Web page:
Author of the best seller Outlaw Platoon, Parnell shares the horrific event that he experienced on his first day of combat and discusses the need for more support for vets returning home.
Former U.S. Army Ranger Sean Parnell
Tavis: Sean Parnell is a former U.S. Army Airborne Ranger and captain whose mountain division unit was known as the Outlaw platoon during their time on the Pakistan-Afghanistan border.
During his service, Sean received a Purple Heart and two Bronze Stars. The gripping new account of his time during war and the exploits of his unit is called “Outlaw Platoon: Heroes, Renegades, Infidels and the Brotherhood of War in Afghanistan,” now a “New York Times” best seller.
Captain Parnell, good to have you on.
Capt. Sean Parnell: Hey, thanks for having me. Thanks.
Tavis: It’s downhill from here, huh?
Parnell: Yeah. (Laughter) Right.
Tavis: Yeah, first book, “New York Times” best seller.
Parnell: I’m so surprised and blessed, I can’t believe it.
Tavis: Yeah, yeah. There is so much to talk about because there is so much in this text. Before I go inside the book, let me start by asking – and actually, I’ll start with this from the book. You seem to be very grateful – my word, not yours, but very grateful by the fact that your platoon never killed a single civilian. You did, in fact, kill 350 others, roughly, but never killed a civilian.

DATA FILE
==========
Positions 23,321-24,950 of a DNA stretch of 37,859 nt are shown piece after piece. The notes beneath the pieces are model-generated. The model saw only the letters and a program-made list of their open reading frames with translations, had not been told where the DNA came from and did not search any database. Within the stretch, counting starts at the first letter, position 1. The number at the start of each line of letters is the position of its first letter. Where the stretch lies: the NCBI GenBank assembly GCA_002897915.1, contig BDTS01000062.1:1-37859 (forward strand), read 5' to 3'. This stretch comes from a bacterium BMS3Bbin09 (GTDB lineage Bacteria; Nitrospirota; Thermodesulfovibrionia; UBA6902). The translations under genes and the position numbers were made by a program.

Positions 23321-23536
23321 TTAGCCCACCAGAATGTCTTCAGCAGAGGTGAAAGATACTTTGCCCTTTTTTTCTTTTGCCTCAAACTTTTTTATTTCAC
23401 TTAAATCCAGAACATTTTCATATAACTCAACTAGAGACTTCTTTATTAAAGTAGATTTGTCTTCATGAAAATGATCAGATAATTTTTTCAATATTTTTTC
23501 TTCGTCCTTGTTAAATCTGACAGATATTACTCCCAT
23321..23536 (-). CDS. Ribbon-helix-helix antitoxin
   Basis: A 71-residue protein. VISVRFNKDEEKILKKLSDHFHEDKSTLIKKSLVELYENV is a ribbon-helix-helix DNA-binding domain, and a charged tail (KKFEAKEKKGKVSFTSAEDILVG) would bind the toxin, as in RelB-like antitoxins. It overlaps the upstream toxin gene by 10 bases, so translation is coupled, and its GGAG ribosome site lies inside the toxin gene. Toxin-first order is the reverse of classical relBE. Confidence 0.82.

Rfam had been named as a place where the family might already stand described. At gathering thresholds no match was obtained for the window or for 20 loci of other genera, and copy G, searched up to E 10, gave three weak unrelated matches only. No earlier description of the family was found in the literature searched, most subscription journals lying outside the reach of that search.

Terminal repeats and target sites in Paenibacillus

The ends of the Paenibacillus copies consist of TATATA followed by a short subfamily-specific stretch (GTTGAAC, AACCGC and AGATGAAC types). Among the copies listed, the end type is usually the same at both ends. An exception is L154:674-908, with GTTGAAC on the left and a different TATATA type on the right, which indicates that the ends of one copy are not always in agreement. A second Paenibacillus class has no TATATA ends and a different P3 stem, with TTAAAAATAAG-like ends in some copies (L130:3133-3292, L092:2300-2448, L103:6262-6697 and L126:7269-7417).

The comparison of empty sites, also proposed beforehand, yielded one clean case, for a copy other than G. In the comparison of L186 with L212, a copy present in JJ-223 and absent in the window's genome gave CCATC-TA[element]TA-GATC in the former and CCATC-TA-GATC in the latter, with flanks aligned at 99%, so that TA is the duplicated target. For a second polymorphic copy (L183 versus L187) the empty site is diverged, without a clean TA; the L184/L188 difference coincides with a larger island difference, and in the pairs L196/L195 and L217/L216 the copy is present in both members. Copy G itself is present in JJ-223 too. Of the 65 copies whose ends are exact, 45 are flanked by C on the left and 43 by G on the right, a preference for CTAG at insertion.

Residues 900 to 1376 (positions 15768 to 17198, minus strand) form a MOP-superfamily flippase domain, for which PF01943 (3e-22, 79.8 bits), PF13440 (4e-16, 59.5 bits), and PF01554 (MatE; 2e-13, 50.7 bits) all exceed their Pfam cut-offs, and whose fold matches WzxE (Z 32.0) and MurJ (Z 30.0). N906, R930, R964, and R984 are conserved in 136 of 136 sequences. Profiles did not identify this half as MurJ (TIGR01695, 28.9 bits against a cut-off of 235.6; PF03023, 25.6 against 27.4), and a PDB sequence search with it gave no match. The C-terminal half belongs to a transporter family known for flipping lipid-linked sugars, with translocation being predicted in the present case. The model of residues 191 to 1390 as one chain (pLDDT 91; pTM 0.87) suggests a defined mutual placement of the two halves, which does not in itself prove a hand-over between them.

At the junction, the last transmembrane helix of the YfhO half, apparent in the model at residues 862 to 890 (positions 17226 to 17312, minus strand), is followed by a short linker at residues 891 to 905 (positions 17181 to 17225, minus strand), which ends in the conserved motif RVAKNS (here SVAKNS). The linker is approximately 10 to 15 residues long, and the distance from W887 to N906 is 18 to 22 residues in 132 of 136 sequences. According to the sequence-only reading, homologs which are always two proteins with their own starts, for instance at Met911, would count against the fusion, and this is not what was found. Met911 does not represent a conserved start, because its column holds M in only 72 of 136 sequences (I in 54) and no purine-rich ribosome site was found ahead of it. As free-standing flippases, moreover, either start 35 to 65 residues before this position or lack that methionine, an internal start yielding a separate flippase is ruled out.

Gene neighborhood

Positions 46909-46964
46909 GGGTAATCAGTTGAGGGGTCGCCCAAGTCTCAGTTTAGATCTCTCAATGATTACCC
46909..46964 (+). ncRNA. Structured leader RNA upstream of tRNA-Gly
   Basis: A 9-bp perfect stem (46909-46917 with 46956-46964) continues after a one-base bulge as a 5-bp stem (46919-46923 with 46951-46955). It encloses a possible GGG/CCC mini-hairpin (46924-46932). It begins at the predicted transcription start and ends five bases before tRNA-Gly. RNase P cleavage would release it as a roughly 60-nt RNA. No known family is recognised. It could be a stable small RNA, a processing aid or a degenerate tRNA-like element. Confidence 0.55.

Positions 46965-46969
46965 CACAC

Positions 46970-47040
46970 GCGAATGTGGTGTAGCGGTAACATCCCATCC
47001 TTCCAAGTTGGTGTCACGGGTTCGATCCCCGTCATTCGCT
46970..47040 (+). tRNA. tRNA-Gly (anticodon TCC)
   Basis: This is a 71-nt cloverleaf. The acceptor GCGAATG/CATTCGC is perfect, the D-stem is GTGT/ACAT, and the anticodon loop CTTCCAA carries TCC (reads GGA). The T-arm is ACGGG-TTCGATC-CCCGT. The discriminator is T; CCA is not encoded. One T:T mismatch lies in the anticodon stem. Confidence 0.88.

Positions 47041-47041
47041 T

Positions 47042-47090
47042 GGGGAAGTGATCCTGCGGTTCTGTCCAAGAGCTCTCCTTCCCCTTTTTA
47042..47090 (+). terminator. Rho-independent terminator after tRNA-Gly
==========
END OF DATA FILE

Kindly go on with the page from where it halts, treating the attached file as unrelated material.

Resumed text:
I want to juxtapose that, of course, against the news of late, of this military serviceman who apparently lost it and went on a rampage, killing, what, 16 Afghanistanis and children.
Tavis: Having endured what you went through, do you see how that could happen? What would lead one to, for lack of a better word; we don’t know all the details, snap? My word, not yours.
Parnell: Yeah, I can definitely see how it would happen. It doesn’t excuse the horrific nature of it but fighting a counterinsurgency is really difficult and can be very frustrating. You don’t know who your enemy is.
But we did pride ourselves on never hurting or killing a civilian in our time there. Every mission that we did was a humanitarian mission. We really cared and tried desperately show the Afghan people that we cared about them.